Politicians, in some ways, are just like everyone else: They rarely like it when faced with explaining their inconsistencies. Especially in the modern era of media messaging and public relations, a mea culpa is avoided at all costs.
Except, it seems, for Gov. Jerry Brown. He may not like those moments, but he pretty much cops to his flip-flops -- perhaps because he realizes they offer the political wiggle room where compromise can be forged.
Case in point: Friday's release of Brown's new state budget -- a $164.7 billion fiscal blueprint that boosts school spending, assumes a continued expansion of health care for the poor, and sets aside $4 billion for either debt repayment or cash reserves.
But it's what the budget doesn't include that opens Brown up to criticism for being inconsistent ... and yet highlights the potential areas for negotiation with legislators and interest groups.
Brown (sort of) admitted as much in his Q&A with reporters when it comes to continued opposition to a stealth part of the 2014 budget deal: a provision (linked to the state's new rainy day fund, Proposition 2) that would eventually cap how much money local school districts can hold in their reserve funds -- forcing some districts to one day spend money even if it might be more prudent to stash it away.
And so I asked the governor: How did that deal square with his often proclaimed love for the principle of subsidiarity -- the Catholic teaching that the most local, least centralized government should make most decisions?
Brown paused before he answered.
"The rule is subsidiarity," agreed the governor. "That particular provision appears to be an exception."
That apparent comfort with his conflicting decisions has been one of the hallmarks of Brown's return in governing California. While sometimes he's held fast and just shrugs it off, other times the governor has come around and changed his mind.
In this instance, he said there's some "language in the budget" that agrees to take a closer look at the issue of the state dictating what local school districts do with their savings accounts. And when I asked him to respond to criticism that he'd done it only to mollify Prop. 2 concerns voiced by teachers unions?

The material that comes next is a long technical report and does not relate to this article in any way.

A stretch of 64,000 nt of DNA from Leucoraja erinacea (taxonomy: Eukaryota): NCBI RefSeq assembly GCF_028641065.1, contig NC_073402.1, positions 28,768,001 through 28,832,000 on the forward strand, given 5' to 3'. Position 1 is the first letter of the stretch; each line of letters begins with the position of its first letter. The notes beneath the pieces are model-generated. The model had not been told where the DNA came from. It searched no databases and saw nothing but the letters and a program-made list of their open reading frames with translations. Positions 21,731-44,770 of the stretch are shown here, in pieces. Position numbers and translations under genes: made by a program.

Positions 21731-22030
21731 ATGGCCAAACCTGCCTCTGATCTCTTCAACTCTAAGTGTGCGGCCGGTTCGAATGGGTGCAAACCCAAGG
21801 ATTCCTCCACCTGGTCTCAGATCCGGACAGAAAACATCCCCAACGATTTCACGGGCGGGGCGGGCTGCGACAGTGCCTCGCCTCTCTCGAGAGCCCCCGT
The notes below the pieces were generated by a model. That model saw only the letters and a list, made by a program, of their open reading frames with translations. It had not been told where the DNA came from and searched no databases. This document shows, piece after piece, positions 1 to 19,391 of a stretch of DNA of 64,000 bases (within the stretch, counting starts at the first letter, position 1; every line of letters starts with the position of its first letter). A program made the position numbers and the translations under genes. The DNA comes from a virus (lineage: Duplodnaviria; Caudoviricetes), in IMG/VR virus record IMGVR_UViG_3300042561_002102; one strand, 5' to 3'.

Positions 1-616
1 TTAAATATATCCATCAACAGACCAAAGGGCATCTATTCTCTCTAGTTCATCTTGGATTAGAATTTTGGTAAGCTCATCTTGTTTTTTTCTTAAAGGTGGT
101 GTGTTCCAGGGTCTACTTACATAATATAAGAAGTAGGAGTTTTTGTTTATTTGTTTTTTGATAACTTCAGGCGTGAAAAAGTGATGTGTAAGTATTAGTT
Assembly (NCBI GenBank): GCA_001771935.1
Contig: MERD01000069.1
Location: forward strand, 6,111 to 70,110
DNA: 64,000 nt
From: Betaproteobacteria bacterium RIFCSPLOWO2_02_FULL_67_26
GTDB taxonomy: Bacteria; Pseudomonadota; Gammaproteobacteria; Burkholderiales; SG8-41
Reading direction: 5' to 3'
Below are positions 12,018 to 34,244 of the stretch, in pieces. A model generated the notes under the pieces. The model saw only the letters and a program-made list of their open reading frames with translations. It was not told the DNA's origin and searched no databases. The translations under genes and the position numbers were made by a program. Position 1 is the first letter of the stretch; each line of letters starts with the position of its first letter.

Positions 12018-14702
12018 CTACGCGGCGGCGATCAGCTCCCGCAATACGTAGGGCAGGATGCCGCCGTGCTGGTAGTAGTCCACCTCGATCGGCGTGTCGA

"We did what we had to do," said Brown.
The governor's new budget offers several new places where his public stances may be tested against the realities of political horse trading.
Legislative Democrats will no doubt focus on the lack of sustained growth in funding social "safety net" programs. "The devastating budget cuts from years past have left many of the neediest Californians -- working families, students, children, the disabled and elderly -- without critical assistance," said state Sen. Mark Leno (D-San Francisco) in a written statement.
And he's not alone, with others suggesting Brown's approach to poverty has been too timid. In response, the governor has countered by pointing to the expansion of Medi-Cal by 4.3 million people over three fiscal years, and by his new budget proposal to shift money into adult education and career tech.
"There's always someone in need," Brown told reporters on Friday. "And we [California] are doing more than most."
The governor may also have to win over his traditional friends in public employee unions when it comes to a proposal to asking workers to split the cost of putting money aside for their health care coverage during retirement -- a major long-term liability. But his budget also proposes $560 million in salary and benefits increases for state workers, a sign that there's a deal to be made if union leaders will take it.
And there were other places in this proposed budget where Brown seemed to weave back and forth between conflicting ideas. He's a major advocate of more electric vehicles, and doubled down on that commitment in Monday's State of the State speech. But then his budget notes a serious lack of dollars for highway repairs and replacements -- and admits that the "consequence" of his clean vehicle campaign is less fuel excise tax dollars, which ... wait for it ... pay for those road repairs.
Unlike other governors, who may deny any inconsistency even when it's patently obvious, Brown seems to have made peace with it all. The larger question is how other players in the annual budget process will see those inconsistencies, and whether they create room for collaboration rather than confrontation.